03Was there a specific faculty member(s) that made an impact your academic career during your time at Syracuse University?
So far, every professor I have studied with has impacted me positively and I am so grateful. Two have really stood out. The first was my Oceanography (EAR 117) professor, Daniel Curewitz. In his first lecture of the semester, he asked the class of roughly 180 students “Who plans on becoming an oceanographer when they grow up?”. No one raised their hand. He then said something that both inspired and solidified my academic philosophy. “We attend college to learn how to learn”. By taking diverse subjects from oceanography to folklore, students can create completely new ideas to impact the world.
Beth Egan, a professor of advertising, also made a massive impact on my academic career. I enjoyed my advertising courses previous to hers; but there was no proof, no data behind the creative ideas in other classes. In media planning, the “why” of human behavior must be discovered and used accordingly. Through her course I gained confidence in both my abilities and plans for the future.
04What are your internship plans for this summer?
I am currently applying to advertising internships for this summer. I plan on practicing my advertising skills after taking Beth Egan’s (ADV 307) which ignited a passion for media planning. I am most excited to put what I have learned to the test and to be directly inspired by professionals in the industry.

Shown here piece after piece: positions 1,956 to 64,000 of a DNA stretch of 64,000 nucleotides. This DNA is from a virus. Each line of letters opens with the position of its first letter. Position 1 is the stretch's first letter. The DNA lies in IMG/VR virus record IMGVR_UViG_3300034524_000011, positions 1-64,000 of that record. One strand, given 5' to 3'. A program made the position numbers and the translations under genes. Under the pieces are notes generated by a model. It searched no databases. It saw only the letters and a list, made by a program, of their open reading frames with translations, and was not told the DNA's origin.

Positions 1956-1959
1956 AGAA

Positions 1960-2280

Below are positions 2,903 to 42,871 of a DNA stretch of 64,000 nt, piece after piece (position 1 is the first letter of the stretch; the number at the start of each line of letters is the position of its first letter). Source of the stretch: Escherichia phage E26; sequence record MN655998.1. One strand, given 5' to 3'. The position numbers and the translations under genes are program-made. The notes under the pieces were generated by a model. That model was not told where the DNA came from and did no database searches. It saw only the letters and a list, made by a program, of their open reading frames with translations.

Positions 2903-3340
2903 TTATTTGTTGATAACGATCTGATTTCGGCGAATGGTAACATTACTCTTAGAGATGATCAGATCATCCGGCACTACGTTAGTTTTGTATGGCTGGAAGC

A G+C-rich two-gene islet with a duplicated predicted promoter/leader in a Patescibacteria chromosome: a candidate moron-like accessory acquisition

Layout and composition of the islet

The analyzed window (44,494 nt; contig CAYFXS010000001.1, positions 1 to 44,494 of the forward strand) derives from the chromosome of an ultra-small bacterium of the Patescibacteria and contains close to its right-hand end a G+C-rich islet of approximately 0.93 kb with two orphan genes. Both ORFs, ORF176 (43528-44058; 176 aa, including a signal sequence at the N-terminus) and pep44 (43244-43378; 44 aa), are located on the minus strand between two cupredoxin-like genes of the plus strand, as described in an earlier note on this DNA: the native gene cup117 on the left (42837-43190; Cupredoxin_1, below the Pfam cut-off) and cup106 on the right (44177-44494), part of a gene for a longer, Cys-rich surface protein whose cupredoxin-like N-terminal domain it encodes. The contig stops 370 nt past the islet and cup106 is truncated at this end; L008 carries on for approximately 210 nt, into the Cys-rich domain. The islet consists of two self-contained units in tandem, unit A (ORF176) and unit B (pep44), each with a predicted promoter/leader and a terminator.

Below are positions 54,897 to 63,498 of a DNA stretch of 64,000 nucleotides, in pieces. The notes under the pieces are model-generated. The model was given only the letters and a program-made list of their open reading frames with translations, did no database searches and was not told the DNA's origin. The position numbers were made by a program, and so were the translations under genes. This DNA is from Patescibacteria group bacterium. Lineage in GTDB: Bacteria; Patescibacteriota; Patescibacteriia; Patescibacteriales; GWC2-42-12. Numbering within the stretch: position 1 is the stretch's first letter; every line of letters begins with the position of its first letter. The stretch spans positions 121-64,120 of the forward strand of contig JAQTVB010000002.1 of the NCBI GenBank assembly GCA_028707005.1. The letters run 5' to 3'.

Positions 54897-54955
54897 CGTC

05What advice would you give an incoming SU student about dual degrees?
I would advise any incoming student interested in earning a dual degree to keep their heart and mind open to all the possibilities. After I chose my first degree, advertising, it seemed logical to obtain my other degree in Whitman in marketing or finance. However, by choosing to study anthropology, I feel not only prepared for my career but a more diverse individual with a unique understanding of the world.
About Syracuse University
Founded in 1870, Syracuse University is a private international research university dedicated to advancing knowledge and fostering student success through teaching excellence, rigorous scholarship and interdisciplinary research. Comprising 11 academic schools and colleges, the University has a long legacy of excellence in the liberal arts, sciences and professional disciplines that prepares students for the complex challenges and emerging opportunities of a rapidly changing world. Students enjoy the resources of a 270-acre main campus and extended campus venues in major national metropolitan hubs and across three continents. Syracuse’s student body is among the most diverse for an institution of its kind across multiple dimensions, and students typically represent all 50 states and more than 100 countries. Syracuse also has a long legacy of supporting veterans and is home to the nationally recognized Institute for Veterans and Military Families, the first university-based institute in the U.S. focused on addressing the unique needs of veterans and their families.